Mr. Greenberg began to build AIG as a Starr subsidiary, then in 1969, he took it public. The company would, at its peak, achieve a market cap of some $180 billion and cement its place as the largest insurance and financial services company in history.

This month, Mr. Greenberg travels to China to celebrate the 100th anniversary of C.V. Starr & Co. That visit occurs at a prickly time in U.S.-Sino relations, as the Trump administration levies tariffs on hundreds of billions of dollars in Chinese goods and China retaliates.

In September, Risk & Insurance® sat down with Mr. Greenberg in his Park Avenue office to hear his thoughts on the centennial of C.V. Starr, the dynamics of U.S. trade relationships with China and the future of the U.S. insurance industry as it faces the challenges of technology development and talent recruitment and retention, among many others. What follows is an edited transcript of that discussion.


R&I: One hundred years is quite an impressive milestone for any company. Celebrating the anniversary in China signifies the importance and longevity of that relationship. Can you tell us more about C.V. Starr’s history with China?

Hank Greenberg: We have a long history in China. I first went there in 1975. There was little there, but I had business throughout Asia, and I stopped there all the time. I’d stop there a couple of times a year and build relationships.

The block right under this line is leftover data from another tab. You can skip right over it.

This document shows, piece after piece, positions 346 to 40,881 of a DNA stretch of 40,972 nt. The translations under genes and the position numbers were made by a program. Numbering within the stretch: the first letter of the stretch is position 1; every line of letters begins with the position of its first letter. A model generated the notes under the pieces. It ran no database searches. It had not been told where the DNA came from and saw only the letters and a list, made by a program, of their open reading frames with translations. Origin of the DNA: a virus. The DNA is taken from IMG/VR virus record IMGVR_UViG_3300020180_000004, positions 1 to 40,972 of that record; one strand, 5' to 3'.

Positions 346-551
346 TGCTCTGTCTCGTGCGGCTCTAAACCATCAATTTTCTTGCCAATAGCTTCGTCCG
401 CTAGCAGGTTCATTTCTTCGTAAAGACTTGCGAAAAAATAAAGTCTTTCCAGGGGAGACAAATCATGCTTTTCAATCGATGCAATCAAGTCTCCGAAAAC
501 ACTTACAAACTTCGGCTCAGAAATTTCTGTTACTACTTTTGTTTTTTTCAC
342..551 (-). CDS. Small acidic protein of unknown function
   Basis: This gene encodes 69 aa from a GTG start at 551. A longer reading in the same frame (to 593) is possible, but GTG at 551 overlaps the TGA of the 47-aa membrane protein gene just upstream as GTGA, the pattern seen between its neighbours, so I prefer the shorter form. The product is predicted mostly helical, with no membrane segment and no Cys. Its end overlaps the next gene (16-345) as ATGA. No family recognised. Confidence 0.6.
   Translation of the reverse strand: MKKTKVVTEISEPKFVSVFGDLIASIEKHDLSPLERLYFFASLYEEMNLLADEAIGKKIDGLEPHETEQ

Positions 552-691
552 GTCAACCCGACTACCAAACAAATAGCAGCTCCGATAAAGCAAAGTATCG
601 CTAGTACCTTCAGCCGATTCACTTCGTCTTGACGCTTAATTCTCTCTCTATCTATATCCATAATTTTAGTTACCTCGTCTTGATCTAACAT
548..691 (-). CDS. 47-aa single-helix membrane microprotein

When I first started visiting China, there was only one state-owned insurance company there, PICC (the People’s Insurance Company of China); it was tiny at the time. We helped them to grow.

I also received the first foreign life insurance license in China, for AIA (The American International Assurance Co.). To date, there has been no other foreign life insurance company in China. It took me 20 years of hard work to get that license.

We also introduced an agency system in China. They had none. Their life company employees would get a salary whether they sold something or not. With the agency system of course you get paid a commission if you sell something. Once that agency system was installed, it went on to create more than a million jobs.

R&I: So Starr’s success has meant success for the Chinese insurance industry as well.

Hank Greenberg: That’s partly why we’re going to be celebrating that anniversary there next month. That celebration will occur alongside that of IBLAC (International Business Leaders’ Advisory Council), an international business advisory group that was put together when Zhu Rongji was the mayor of Shanghai [Zhu is since retired from public life]. He asked me to start that to attract foreign companies to invest in Shanghai.